Urinary incontinence is a condition that affects about 25 million North Americans, and potentially millions more that are too embarrassed to seek treatment. There are various types of incontinence: stress incontinence, which is the leakage of urine when laughing, sneezing or coughing, to urge incontinence, which is the sudden onset of urination.
One exercise you can do to remedy incontinence issues, are to practice Kegel, or pelvic floor, exercises. These are especially helpful in treating stress and urge incontinence.
Pregnant women most commonly practice Kegel exercises as a way to build mid-section muscles to better prepare for childbirth, but men may also practice them to strengthen pelvic muscles to kick their own incontinence issues. Here’s a look at how to locate the pelvic muscles. Later, we’ll talk about how to do more advanced versions of these exercises:
Before you can do advanced Kegel exercises, you need to be able to do the basic ones. Part of doing these basic ones is first locating the muscles that control urination. The best way to identify these muscles is to begin urinating and then stop the urine stream. Hold this for five seconds. The muscles that clench are the ones you need to be working on developing and strengthening.
After identifying your pelvic muscles, sit on the floor and work on holding them at five-second intervals. Become more familiar with which muscles you want to strengthen. Such exercises can literally be practiced anywhere – in the car, in your office, at home watching TV, etc. After this step, then you can move on to more advanced Kegel exercises.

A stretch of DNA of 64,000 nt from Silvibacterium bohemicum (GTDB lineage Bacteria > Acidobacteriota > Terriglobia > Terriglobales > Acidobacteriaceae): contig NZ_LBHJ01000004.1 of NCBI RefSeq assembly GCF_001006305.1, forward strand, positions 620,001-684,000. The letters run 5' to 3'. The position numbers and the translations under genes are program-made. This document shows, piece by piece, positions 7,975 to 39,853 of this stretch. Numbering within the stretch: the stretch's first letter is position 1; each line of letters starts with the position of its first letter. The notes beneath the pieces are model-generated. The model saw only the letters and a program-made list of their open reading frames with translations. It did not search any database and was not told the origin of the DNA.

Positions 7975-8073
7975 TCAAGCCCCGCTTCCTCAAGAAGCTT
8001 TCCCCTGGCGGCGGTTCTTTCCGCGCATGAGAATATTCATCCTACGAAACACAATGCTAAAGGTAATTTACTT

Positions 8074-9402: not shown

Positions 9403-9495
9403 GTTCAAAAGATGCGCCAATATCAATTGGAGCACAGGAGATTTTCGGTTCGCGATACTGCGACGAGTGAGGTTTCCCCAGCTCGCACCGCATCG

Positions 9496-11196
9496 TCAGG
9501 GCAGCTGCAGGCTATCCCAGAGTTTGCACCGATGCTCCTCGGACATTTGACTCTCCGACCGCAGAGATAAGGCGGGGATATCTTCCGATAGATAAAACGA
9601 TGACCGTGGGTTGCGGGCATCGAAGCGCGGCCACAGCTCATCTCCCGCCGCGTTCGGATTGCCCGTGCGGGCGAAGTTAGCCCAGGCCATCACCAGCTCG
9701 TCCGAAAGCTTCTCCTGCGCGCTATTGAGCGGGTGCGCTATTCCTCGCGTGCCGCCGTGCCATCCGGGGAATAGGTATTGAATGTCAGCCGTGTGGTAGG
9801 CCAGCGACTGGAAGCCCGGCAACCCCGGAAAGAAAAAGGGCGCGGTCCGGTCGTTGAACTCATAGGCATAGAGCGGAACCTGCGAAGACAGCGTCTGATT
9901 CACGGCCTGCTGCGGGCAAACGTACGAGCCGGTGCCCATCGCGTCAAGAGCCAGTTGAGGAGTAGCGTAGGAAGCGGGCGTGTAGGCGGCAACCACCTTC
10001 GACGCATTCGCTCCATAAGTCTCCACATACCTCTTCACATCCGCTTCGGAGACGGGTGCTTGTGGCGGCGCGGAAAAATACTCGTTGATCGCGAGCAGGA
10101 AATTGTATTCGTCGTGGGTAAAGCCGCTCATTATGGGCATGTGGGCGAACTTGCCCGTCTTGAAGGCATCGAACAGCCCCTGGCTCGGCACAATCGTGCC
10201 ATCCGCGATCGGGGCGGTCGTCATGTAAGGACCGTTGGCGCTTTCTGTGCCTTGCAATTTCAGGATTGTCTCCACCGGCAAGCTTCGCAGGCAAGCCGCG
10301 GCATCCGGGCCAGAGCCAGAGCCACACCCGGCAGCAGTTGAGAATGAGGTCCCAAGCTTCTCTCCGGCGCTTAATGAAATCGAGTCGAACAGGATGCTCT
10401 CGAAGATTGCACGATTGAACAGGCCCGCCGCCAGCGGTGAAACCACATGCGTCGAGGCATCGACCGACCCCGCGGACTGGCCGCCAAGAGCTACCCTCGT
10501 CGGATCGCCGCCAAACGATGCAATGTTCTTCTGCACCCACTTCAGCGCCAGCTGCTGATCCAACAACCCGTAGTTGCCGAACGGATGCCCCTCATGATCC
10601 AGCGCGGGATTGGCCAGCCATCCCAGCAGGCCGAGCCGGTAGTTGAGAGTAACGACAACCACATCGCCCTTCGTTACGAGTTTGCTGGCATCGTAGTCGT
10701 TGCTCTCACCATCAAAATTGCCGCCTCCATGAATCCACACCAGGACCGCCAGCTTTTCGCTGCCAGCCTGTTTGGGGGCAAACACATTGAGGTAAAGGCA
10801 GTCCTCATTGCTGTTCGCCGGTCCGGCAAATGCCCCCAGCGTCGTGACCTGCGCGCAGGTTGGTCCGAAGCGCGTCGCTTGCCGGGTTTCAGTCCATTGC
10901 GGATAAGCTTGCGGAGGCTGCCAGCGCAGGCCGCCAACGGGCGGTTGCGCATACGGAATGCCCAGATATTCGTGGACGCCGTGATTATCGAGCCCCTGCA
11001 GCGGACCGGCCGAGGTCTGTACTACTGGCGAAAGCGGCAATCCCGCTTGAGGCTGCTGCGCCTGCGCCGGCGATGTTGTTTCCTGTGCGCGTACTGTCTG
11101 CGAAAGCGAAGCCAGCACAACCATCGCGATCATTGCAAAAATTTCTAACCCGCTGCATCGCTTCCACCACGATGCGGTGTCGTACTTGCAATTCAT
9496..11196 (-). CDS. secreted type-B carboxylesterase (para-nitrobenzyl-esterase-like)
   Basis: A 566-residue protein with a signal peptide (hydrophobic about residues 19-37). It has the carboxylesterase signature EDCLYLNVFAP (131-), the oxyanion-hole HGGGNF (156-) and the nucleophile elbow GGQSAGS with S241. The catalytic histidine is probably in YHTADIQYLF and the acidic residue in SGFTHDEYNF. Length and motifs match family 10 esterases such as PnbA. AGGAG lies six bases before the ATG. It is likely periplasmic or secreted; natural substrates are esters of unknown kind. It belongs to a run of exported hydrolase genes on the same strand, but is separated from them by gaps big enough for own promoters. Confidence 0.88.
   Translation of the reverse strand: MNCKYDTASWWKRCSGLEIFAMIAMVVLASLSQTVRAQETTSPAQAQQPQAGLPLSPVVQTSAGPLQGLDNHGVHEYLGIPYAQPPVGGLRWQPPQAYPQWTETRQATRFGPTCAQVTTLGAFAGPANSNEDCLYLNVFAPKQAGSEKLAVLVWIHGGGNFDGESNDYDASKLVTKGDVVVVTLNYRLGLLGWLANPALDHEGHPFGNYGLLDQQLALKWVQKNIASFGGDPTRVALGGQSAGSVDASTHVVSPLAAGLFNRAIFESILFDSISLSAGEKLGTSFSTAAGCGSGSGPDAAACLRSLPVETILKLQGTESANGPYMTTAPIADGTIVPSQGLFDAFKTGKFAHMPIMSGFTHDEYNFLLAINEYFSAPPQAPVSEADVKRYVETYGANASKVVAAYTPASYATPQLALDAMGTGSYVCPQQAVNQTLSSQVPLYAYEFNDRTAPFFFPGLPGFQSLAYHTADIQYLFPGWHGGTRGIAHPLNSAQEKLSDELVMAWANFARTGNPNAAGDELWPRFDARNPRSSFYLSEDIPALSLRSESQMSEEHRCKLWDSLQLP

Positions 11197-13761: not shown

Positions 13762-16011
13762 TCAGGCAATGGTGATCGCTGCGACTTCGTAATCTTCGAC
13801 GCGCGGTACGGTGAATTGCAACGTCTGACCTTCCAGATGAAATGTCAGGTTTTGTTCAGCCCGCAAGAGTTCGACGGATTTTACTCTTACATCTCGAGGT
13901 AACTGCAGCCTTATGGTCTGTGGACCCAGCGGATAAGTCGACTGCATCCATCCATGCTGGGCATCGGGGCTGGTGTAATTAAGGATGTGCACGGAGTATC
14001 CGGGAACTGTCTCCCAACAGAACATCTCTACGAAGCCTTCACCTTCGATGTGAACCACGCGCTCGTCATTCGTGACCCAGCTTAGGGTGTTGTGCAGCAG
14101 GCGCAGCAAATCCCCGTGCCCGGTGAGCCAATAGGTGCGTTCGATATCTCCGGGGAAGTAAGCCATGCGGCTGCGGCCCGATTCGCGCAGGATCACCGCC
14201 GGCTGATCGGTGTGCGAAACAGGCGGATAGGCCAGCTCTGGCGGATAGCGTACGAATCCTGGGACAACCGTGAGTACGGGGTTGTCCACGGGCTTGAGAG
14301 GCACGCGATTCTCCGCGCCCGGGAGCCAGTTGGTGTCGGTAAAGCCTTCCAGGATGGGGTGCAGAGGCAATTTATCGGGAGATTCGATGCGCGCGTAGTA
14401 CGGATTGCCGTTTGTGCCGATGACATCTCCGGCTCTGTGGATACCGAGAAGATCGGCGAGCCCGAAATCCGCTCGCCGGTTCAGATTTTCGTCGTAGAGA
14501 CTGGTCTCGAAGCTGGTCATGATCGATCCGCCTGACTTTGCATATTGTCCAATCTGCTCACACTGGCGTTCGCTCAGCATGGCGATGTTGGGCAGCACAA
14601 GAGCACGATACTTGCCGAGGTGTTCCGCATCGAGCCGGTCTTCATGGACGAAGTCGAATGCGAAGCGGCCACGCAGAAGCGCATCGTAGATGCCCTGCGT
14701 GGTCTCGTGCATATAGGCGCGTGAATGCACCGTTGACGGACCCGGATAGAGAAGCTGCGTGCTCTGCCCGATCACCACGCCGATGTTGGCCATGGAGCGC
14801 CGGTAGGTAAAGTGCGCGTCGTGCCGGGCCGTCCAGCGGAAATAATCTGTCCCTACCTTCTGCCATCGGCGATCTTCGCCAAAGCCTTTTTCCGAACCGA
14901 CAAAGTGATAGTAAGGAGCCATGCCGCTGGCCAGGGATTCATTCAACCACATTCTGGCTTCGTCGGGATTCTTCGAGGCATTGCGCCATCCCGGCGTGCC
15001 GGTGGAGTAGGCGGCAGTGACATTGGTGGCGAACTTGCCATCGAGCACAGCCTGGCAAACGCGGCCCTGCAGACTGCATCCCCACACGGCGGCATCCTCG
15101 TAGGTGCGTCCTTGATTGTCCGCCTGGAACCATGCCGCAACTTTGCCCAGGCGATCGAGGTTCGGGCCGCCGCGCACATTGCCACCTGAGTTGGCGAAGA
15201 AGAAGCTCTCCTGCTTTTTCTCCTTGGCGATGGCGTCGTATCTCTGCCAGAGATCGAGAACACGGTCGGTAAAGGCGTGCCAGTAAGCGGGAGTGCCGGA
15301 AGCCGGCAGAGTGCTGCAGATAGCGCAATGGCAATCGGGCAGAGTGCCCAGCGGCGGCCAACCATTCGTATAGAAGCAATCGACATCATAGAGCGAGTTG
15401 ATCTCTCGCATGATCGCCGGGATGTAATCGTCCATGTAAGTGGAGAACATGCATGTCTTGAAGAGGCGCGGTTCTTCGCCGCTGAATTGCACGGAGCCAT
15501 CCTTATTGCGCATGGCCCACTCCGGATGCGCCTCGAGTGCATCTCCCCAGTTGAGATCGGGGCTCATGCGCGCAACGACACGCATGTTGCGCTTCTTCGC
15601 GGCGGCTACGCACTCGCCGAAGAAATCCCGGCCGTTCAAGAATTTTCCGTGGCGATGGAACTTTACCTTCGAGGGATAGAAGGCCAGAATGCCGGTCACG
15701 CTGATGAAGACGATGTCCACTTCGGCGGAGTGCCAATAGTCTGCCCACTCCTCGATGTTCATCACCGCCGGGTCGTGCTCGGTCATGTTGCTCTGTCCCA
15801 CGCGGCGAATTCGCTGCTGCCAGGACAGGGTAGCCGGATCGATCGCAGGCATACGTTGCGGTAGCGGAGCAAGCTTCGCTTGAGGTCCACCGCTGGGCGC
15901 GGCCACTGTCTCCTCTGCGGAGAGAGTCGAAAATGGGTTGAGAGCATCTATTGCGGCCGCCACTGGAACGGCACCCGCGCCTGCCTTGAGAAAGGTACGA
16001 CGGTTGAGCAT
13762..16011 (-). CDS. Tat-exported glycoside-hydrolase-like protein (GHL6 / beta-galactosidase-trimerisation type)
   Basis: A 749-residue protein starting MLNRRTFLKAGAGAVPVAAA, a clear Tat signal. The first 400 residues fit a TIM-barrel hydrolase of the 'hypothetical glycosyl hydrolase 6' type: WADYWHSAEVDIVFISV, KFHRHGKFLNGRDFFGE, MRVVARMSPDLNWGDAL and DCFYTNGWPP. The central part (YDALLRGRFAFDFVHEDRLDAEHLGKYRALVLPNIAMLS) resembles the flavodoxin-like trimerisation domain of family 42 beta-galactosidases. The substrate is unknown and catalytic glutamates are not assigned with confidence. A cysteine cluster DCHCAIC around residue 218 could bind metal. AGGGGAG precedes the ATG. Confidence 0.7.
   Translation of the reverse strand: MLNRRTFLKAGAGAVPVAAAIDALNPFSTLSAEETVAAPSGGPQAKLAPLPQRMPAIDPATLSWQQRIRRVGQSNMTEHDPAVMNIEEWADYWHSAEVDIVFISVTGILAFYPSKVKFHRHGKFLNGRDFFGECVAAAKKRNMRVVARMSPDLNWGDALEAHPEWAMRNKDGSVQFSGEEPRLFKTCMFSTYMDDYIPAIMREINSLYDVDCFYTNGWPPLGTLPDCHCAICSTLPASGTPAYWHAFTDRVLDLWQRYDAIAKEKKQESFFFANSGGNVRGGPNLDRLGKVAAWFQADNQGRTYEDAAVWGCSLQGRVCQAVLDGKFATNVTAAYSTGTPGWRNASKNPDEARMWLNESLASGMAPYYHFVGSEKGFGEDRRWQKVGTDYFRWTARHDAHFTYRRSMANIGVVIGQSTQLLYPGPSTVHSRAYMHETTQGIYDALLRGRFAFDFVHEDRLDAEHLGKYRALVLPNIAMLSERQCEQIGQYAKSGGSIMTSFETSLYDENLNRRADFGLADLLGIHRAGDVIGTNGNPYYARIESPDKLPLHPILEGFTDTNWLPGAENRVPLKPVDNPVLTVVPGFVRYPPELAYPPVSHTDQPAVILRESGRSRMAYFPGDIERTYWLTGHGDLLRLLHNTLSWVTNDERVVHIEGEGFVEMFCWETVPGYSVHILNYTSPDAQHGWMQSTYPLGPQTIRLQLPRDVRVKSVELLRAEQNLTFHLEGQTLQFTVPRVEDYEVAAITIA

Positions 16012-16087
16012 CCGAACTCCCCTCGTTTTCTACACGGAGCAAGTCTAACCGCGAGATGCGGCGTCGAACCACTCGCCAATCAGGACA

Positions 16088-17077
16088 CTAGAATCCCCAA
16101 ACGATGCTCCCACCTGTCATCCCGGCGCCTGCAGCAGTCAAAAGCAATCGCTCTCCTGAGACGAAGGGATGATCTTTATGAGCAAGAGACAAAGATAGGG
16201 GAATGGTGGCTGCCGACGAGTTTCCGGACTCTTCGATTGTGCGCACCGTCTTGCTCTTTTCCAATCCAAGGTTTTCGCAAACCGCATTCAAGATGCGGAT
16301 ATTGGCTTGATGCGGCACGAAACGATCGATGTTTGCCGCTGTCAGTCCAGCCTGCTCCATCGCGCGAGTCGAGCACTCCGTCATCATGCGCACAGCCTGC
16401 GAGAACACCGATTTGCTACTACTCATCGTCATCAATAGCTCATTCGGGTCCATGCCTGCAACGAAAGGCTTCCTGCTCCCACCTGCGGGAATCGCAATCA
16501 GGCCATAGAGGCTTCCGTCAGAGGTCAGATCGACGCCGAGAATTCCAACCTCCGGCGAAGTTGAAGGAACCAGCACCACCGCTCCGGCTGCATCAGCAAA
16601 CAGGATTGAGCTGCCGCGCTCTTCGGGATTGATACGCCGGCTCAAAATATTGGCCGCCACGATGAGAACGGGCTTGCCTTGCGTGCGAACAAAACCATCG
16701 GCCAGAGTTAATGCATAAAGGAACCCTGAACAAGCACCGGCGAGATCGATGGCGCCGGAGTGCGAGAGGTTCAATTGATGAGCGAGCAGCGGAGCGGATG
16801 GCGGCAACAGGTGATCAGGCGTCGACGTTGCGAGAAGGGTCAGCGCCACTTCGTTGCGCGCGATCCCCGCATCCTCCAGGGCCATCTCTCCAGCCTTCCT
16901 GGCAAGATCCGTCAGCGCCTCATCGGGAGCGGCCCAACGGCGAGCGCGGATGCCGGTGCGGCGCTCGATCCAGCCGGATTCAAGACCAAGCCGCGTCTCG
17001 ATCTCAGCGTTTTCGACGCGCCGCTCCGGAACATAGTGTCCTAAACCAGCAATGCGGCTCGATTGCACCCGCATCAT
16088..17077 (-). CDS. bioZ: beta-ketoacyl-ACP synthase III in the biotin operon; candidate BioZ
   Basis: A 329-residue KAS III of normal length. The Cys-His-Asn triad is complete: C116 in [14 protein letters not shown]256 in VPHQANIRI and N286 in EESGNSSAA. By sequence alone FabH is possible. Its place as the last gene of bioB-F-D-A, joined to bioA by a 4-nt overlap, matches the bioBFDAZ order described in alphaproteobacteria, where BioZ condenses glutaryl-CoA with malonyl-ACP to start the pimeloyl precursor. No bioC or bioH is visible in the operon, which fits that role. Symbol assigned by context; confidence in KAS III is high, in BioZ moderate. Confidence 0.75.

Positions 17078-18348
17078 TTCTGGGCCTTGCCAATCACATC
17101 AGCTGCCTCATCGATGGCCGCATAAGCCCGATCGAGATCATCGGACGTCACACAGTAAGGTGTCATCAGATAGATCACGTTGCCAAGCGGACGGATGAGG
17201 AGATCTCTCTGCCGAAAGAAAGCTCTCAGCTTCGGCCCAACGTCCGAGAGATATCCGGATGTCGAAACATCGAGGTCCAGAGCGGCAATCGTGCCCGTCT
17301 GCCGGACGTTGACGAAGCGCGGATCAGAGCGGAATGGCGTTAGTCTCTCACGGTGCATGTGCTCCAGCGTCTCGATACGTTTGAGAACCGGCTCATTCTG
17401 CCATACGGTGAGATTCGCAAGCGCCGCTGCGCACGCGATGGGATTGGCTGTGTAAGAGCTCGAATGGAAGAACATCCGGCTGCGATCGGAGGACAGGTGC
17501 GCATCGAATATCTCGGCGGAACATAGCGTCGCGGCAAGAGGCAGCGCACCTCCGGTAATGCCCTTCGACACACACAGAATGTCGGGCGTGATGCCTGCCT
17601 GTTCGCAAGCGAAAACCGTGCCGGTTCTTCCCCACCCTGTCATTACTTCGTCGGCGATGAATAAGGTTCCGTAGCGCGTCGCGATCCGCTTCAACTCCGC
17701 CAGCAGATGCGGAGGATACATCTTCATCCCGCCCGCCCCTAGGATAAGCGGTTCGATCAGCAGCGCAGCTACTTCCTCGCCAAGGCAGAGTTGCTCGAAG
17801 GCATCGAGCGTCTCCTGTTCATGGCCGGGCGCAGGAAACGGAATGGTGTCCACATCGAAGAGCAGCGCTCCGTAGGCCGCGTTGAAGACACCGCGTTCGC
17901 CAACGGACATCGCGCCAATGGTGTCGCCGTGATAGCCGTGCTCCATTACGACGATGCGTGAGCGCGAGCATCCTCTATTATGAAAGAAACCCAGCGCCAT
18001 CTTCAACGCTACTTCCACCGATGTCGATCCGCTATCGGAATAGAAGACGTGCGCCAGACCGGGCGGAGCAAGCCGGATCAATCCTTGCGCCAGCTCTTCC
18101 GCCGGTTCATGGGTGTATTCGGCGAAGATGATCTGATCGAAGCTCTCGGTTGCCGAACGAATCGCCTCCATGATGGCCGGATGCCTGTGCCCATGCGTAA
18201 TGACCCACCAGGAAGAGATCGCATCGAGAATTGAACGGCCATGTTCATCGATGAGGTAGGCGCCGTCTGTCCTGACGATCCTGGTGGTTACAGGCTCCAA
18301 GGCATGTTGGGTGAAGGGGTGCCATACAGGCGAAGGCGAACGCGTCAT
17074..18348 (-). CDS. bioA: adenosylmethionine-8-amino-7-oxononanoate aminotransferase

Deep Flex: The deep flex is more advanced than simply working out the pelvic muscles in five second intervals. The deep flex does involve doing this, but doing it with more intensity. For instance, it involves clenching the pelvic muscles for five-second intervals, gradually trying to work your way up to 10-second intervals. This exercise will strengthen the muscles more quickly.
Men and women have different genitalia, so it only makes sense that more advanced Kegel exercises are done differently for each sex. Here’s a look at how they can be done:
Advanced Kegel Exercises
For men, strengthening the pelvic muscles often involves doing so with an erection. After this is achieved, men can strengthen the pelvic muscles by flexing them to move the penis up and down. After strengthening the muscles, men can add extra weight to this exercise by placing a damp cloth over the penis. In addition to strengthening the pelvic muscles to remedy urinary incontinence, these exercises can also, in many cases, lead to a more satisfying sex life for men.
One advanced Kegel exercise for women involves inserting a weighted cone into the vagina. Similar to the routine pelvic exercise noted above, women then contract the pelvic muscles, except it’s done in a way to prevent the cone from falling out or becoming displaced. Women can also purchase a set of cones that vary in weight, so as their muscles get stronger they can gradually upgrade to heavier cones that will continue to work out the pelvic muscles that control urination.